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Thursday, 13 January, 2000, 15:30 GMT
Caldera vs Microsoft - the settlement

by computer industry analyst Graham Lea

The surprise settlement of the private antitrust action by Caldera Inc of Utah against Microsoft has increased the possibility that there may now be a settlement of the unrelated antitrust action brought by the US Department of Justice.

In 1996, Caldera purchased DR-DOS, a serious rival to the MS-DOS operating system, from Novell for $400,000. DR-DOS was originally developed in Hungerford, England, by Digital Research, which was subsequently acquired by Novell.

Caldera inherited the right to sue Microsoft for alleged anti-competitive actions against DR-DOS when it was a rival to MS-DOS in Windows 3.1.

False error messages

Beta testers of Windows found that if they were using DR-DOS, this was detected and false error messages were generated.

Will Bill Gates settle with the Department of Justice as well?
Microsoft's encrypted code to disguise what it had done was unravelled by Geof Chappell in England, who commented at the time that "the only error' is that the user is running Windows with someone else's version of DOS."

The development of DR-DOS caused Microsoft to resume the development of MS-DOS, which had languished because of the lack of a competitor. Microsoft also undertook a worldwide campaign to persuade users of DR-DOS to switch to MS-DOS.

In its action against Microsoft, Caldera also alleged that Microsoft had combined MS-DOS 7.0 with Windows 95 in an attempt to prevent DR-DOS substituting for MS-DOS. Microsoft denied this, but Caldera was able to demonstrate publicly Windows 95 running with DR-DOS rather than MS-DOS.

The basis of Caldera's legal claim was that Microsoft had competed unfairly, reducing the sales that DR-DOS might otherwise have achieved.

Microsoft seeks to settle

Microsoft contested the case vigorously, but was unable to get the case moved from Utah, or to get it dismissed. The jury trial was to have started on 1 February, and it was thought unlikely that Microsoft would win because of the strength of the evidence that Caldera had partially disclosed in documents filed at the US District Court in Salt Lake City.

Caldera - once champion of Dr-DOS - now bets on the future of Linux
Last Friday there was a meeting, at Microsoft's request, in a mediator's office in Seattle, and at the end of the day, a settlement was agreed.

The terms are confidential, but Microsoft has admitted that it has made a substantial payment to Caldera. Microsoft was also able to control the text of the press release that announced the settlement.

Microsoft said it would take a 3 cents charge in the present quarter, but it is not known whether this represents the whole of the settlement. Certainly the cost to Microsoft will be several hundreds of millions of dollars.

Tom Burt, General Counsel - Litigation for Microsoft said:"We are pleased to put this issue behind us. Rather than litigating, we prefer to focus on building great software for our customers in this dynamic and competitive industry."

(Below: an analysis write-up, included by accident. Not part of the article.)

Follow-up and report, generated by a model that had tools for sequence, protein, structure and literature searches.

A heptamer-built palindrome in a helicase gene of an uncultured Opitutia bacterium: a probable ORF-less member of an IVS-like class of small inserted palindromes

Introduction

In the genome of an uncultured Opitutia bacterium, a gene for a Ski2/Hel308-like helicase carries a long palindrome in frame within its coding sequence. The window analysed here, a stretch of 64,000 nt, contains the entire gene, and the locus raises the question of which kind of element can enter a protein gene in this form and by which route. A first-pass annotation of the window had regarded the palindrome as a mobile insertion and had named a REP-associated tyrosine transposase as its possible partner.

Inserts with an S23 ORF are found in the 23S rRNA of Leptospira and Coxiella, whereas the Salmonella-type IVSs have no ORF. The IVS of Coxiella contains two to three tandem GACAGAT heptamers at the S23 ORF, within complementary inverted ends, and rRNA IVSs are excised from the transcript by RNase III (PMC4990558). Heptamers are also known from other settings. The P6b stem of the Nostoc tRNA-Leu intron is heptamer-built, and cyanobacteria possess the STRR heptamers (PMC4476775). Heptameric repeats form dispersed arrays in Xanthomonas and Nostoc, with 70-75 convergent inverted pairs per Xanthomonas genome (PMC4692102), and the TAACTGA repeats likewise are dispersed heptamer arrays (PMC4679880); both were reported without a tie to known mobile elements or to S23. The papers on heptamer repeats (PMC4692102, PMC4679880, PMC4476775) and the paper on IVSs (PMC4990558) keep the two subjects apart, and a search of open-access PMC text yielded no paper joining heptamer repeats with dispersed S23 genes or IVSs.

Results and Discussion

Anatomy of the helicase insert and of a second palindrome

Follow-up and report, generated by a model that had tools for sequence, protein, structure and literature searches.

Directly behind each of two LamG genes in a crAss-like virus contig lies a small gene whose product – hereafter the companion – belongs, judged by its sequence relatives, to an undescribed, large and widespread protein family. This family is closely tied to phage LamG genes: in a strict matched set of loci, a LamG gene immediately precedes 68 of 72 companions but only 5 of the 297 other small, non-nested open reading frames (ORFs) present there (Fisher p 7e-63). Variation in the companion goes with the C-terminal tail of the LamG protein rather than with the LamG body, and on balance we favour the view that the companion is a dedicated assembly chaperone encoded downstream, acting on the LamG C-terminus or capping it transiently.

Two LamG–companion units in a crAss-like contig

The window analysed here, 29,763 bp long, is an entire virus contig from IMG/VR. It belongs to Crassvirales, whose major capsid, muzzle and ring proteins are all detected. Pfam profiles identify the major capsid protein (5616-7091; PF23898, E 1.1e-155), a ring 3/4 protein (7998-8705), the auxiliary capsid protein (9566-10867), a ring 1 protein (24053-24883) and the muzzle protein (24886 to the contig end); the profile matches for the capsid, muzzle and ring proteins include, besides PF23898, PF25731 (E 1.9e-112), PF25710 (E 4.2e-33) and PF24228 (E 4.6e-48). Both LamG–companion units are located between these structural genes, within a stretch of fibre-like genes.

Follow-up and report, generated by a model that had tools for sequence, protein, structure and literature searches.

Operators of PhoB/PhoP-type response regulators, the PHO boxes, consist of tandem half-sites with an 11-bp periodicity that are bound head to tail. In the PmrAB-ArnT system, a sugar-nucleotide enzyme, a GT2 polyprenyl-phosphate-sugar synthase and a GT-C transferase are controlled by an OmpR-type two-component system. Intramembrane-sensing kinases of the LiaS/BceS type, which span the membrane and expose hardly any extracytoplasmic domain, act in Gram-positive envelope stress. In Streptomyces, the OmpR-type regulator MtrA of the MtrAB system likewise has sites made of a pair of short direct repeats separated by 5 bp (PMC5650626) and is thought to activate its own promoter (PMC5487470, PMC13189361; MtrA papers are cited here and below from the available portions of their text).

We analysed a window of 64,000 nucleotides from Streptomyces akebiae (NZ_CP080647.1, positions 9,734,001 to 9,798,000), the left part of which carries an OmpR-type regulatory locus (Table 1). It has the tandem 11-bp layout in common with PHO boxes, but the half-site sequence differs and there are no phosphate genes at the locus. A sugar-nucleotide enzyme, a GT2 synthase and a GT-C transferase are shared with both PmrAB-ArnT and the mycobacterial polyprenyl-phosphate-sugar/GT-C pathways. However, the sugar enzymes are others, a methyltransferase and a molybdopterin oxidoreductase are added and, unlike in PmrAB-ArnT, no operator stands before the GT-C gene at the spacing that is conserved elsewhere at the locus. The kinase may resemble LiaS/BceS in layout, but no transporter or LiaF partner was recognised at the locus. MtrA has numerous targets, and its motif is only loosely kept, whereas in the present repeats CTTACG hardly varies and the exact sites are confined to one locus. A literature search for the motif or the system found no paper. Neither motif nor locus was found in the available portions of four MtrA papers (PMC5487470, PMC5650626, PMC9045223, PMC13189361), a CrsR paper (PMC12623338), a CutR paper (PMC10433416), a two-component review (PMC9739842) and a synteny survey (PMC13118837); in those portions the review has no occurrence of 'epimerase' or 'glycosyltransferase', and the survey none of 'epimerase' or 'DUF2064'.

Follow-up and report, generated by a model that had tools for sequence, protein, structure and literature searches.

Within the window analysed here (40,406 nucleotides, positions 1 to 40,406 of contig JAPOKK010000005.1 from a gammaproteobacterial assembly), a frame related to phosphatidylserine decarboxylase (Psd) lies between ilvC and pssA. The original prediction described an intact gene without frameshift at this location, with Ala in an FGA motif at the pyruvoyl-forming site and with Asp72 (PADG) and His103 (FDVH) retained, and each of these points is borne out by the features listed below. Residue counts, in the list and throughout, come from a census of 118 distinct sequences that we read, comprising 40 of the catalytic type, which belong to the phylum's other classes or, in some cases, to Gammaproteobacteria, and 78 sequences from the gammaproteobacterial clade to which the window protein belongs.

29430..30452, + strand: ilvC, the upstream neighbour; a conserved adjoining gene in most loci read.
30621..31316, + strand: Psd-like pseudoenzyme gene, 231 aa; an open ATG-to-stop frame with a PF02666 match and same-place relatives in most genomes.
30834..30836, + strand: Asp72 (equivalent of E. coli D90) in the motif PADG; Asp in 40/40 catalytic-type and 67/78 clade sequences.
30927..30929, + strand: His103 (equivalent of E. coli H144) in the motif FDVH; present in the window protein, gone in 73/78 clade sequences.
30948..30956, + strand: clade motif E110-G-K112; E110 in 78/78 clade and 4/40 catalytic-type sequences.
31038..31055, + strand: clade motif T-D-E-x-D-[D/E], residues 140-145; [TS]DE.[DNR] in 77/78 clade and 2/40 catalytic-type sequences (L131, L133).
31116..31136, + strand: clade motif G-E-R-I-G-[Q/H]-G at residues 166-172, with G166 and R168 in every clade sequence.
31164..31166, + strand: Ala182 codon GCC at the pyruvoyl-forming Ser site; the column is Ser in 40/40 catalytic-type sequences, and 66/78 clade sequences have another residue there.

Caldera bets on Linux

Bryan Sparks, CEO of Caldera commented: "We are pleased with the result of this lawsuit. We now look forward to vigorous competition in the marketplace with our Linux products and strategies both from Caldera Systems Inc. and Lineo Inc."

The result is a great victory for Ray Noorda, the former Novell chairman and backer of Caldera, who has over many years sought to encourage ethical competition in the computer industry, for which he coined the term "co-opetition".

Attorney Steve Hill for Caldera considered that the most important aspect of the result in both the Caldera case, and in the DoJ's case so far, is that Linux has now reached a position of general acceptance as a major operating system contender.

Microsoft morale

A factor cited that may have influenced the settlement is the adverse effect on Microsoft's morale as a result of the various legal actions that it is defending.

Mr Sparks said that personally he expected that if Microsoft were going to settle with the DOJ (the case is currently being privately mediated by Judge Posner in Chicago), this would probably happen in the next two weeks, before Judge Jackson in the Washington DC court issued his findings of law, which were expected to provide unwelcome reading for Microsoft.

Just before the settlement was announced, Caldera Systems announced it had received a $30 million investment from Sun, SCO, Citrix and Novell.

By a remarkable and completely unrelated coincidence, Caldera Systems also announced on Monday that it had filed to go public. With the precedent of Linux distributor Red Hat's IPO, it is likely that Caldera's shares will open at a significant premium.

Graham Lea is a leading computer analyst specialising in Microsoft - his views do not represent those of the BBC.

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See also:
10 Jan 00 |  Business
IBM lines up with Linux
11 Jan 00 |  Business
Microsoft settles Caldera antitrust case
13 Jan 00 |  Business
Microsoft 'facing split'

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